Peace Corps recruiter holds meeting Wednesday at Kent State

Julie Sickel

When Richard Robyn, assistant professor of political science at Kent State, graduated from the University of Tennessee in 1972, he had barely been outside the United States, except to cross the border into Canada. By 1973, he found himself living in a small town outside of Bangkok, ordering rice and manure at a restaurant when he meant to order chicken.

Robyn, like more than 200,000 Americans since 1961, chose to serve as a volunteer in the Peace Corps.

“I got to think about what I might be doing in the next step of my life,” Robyn said. “I really wasn’t sure what I wanted to do, and Peace Corps has a way of training you to think about possible careers.”

Annabel Khouri, Peace Corps recruiter for Northeast Ohio, will hold an

information session and application workshop at 5 p.m. Wednesday in room 315 of the Student Center for students who are interested in volunteering for service.

Khouri said there are approximately 12 Kent State alumni currently serving in the Peace Corps.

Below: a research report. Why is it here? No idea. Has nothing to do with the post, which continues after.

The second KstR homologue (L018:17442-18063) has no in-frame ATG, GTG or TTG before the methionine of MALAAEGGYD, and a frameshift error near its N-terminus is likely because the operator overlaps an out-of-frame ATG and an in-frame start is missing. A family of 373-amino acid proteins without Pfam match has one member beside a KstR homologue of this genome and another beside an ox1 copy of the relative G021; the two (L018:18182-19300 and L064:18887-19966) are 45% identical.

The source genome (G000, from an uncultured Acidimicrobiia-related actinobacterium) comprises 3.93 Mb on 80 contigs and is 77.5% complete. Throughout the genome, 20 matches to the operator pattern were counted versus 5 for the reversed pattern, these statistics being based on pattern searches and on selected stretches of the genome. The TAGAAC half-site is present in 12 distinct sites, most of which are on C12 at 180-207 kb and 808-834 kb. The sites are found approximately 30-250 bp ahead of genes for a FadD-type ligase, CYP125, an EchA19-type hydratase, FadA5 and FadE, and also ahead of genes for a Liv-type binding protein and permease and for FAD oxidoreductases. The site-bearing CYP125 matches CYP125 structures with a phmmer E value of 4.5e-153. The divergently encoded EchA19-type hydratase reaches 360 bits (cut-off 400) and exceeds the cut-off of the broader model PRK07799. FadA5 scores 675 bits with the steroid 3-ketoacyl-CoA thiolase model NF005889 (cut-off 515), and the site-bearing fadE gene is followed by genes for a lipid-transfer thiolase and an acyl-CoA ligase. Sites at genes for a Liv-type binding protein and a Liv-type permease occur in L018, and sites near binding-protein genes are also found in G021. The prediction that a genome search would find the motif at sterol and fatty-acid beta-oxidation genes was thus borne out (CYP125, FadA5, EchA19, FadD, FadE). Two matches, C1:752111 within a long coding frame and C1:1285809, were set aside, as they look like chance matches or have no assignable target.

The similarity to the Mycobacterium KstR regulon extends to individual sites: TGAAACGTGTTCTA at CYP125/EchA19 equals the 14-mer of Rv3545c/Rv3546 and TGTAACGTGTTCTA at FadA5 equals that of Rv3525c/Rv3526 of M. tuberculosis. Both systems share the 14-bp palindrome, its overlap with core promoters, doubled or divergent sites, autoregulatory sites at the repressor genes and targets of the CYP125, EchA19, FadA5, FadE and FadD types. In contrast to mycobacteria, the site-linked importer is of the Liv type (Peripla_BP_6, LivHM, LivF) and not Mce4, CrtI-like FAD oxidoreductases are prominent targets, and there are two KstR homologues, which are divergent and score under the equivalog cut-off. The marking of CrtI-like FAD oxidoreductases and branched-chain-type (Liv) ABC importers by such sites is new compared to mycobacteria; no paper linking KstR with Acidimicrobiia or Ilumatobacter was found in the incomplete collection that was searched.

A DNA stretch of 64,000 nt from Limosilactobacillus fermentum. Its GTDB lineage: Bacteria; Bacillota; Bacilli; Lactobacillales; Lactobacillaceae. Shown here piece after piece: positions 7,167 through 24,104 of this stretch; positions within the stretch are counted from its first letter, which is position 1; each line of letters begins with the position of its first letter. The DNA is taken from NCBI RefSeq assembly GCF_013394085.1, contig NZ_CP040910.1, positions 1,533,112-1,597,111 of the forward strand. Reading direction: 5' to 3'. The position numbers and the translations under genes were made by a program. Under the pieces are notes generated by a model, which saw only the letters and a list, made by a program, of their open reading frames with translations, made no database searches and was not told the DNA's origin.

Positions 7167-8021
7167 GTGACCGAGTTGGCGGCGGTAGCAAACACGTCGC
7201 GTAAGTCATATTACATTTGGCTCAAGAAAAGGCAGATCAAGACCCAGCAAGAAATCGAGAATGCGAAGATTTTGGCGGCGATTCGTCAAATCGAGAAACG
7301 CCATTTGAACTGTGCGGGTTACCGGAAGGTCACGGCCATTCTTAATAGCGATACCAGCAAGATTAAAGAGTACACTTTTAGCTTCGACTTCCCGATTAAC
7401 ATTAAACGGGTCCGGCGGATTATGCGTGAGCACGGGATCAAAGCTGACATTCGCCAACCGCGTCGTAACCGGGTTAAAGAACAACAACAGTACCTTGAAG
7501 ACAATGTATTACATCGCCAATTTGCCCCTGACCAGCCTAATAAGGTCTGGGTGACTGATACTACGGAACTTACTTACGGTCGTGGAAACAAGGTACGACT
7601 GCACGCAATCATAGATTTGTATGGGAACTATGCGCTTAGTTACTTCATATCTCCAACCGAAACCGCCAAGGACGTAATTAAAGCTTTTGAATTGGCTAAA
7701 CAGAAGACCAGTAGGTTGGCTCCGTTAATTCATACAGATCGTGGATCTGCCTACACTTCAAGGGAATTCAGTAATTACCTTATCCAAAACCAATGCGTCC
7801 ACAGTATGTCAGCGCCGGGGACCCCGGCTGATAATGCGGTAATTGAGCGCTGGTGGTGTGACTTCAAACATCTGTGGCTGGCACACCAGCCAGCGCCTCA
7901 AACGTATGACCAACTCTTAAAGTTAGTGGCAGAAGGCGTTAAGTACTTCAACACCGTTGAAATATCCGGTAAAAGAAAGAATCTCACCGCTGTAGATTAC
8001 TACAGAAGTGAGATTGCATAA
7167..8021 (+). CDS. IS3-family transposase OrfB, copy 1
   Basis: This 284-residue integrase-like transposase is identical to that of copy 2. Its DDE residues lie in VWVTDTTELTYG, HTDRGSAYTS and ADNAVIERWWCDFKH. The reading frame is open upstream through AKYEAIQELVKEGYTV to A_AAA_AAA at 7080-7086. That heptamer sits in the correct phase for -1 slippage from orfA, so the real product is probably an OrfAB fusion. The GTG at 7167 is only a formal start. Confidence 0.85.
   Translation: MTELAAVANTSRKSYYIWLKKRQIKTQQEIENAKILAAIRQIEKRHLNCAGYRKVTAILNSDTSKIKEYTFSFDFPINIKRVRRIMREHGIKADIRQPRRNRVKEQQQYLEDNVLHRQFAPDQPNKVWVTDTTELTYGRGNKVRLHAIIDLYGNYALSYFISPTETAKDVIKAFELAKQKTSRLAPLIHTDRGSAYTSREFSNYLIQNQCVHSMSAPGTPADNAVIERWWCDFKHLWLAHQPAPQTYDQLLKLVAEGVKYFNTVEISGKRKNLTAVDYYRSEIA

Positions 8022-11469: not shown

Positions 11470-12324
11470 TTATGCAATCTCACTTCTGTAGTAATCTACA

Since the 1961 inception of the Peace Corps, more than 490 Kent State graduates have served in countries all over the world.

The information session will run until 6 p.m. and will be an opportunity for students to learn about applying and the benefits of serving. The second hour will go more in-depth about the application process and will assist students preparing to apply in the future.

Christopher Hook, senior French major, said he has spent the last year preparing his application for the Peace Corps.

“I think the Peace Corps would give me an opportunity to see the world and experience other cultures as well as do something that’s selfless and that I can talk about for the rest of my life,” Hook said.

Hook said if his application for the Peace Corps is accepted, he would have time after graduation to decide whether he wants to continue to graduate school or take on a career.

Khouri said the application process can be lengthy and volunteers who are accepted must commit 27 months of service in the country assigned to them.

Robyn advises applicants to be patient with the process because it can take time to hear back from the Peace Corps.

Robyn said his experience serving in Thailand transformed his future. He realized not only how important teaching was in his life, but he was inspired to continue traveling the world to experience new cultures.

To applicants who are accepted, Robyn said, “Be open to every possibility and every experience. Some may be good and some bad, but every experience will give you a wealth of knowledge about life and your own capacity.”

Contact Julie Sickel at [email protected].